Best Group of Old Pitchers Ever

Last season, pitchers 40 and over won 107 games.  That is the highest figure in the history of baseball, breaking the record of 89 set the season before.  I’m using seasonal age, so if a pitcher was 40 or older before July 1st, all wins from that year count.  The 2005 figure was 20 more wins than the previous year, 1985.
The 1985 season  featured strong seasons from Don Sutton, Tom Seaver , and a pair of Knuckleballing brothers.  For 2005, you had power pitchers Randy Johnson and Roger Clemens in addition to crafty lefthanders Jamie Moyer, David Wells, and Kenny Rogers.
In 2006, Wells was injured most of the time, but the other main contributors refused to retire, and kept winning games.  They were joined by 3 pitchers just turning 40, Orlando Hernandez (well, at least according to the Lahman database) and future Hall of Famers Greg Maddux and Tom Glavine, who won 15 each.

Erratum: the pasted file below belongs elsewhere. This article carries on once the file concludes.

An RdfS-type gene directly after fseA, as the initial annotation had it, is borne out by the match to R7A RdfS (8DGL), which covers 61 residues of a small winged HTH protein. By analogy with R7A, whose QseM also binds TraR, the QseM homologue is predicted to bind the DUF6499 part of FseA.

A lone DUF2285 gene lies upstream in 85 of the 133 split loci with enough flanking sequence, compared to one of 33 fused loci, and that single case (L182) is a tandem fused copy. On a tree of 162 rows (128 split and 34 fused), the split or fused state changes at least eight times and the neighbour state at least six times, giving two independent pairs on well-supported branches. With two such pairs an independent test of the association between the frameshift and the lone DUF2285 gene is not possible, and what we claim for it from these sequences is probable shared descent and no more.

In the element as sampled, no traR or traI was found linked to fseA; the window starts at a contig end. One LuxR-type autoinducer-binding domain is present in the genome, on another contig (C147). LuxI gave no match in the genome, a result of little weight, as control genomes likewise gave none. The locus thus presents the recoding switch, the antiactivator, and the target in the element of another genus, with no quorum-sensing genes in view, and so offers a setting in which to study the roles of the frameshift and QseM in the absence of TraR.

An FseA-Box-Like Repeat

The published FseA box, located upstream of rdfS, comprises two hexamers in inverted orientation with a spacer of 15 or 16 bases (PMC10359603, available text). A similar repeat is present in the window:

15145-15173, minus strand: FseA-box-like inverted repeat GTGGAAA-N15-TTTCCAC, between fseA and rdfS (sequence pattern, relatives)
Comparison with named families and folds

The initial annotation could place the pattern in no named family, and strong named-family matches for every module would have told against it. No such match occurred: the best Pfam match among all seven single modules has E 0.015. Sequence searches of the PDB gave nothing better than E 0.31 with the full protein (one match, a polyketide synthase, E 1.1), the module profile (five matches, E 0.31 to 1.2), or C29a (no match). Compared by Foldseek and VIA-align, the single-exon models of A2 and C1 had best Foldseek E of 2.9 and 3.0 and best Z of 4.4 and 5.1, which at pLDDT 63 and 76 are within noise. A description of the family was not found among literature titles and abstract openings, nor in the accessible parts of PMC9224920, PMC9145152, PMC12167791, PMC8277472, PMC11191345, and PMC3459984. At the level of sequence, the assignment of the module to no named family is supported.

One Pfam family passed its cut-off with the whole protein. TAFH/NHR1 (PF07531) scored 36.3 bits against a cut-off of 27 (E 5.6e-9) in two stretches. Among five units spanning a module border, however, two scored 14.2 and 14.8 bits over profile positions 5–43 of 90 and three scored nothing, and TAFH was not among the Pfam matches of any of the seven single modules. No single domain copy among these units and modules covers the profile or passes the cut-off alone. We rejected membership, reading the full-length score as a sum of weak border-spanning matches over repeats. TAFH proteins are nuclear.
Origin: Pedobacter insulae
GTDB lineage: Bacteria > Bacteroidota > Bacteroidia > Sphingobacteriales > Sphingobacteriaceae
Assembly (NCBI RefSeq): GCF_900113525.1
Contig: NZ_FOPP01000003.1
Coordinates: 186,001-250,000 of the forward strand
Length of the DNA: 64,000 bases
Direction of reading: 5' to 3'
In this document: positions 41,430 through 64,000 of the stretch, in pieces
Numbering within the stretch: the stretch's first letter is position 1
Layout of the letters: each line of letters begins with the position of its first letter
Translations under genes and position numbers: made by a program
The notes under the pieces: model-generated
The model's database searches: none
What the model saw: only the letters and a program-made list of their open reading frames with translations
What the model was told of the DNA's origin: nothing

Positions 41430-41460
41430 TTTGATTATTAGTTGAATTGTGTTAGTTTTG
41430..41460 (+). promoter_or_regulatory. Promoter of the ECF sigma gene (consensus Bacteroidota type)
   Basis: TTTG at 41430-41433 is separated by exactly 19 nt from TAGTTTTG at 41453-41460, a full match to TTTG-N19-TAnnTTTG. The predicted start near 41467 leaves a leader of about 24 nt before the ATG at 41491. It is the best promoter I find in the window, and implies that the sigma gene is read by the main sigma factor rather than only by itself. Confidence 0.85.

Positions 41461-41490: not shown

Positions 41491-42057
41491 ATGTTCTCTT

We can all but guarantee that the 2007 group will smash the record once again.  Of the double digit winners from 2006, not a single one retired.  Kenny Rogers is out for the first half of the season, but David Wells is healthy so far, and Rogers + Wells might come close to the 20 wins they combined for last season.  Maddux, Glavine, Johnson, Moyer, and Hernandez show few signs of slowing down, and Roger Clemens couldn’t stay retired when the Yankees offered him 28 million.  As a group, these guys probably will fall short of the 107 wins they had last year, but reinforcements are on the way to set up another record breaking season.
The reinforcements are John Smoltz, Curt Schilling, Tim Wakefield and Woody Williams.  This isn’t a trend that will continue forever, the only top starter this year between ages 37-39 is Mike Mussina.  Eventually the Braves 1990’s big 3, the big unit, and Schilling will retire.  One of these days Roger will retire and actually stay retired.  When that happens the 40 year old ace starter will once again become a rarity.

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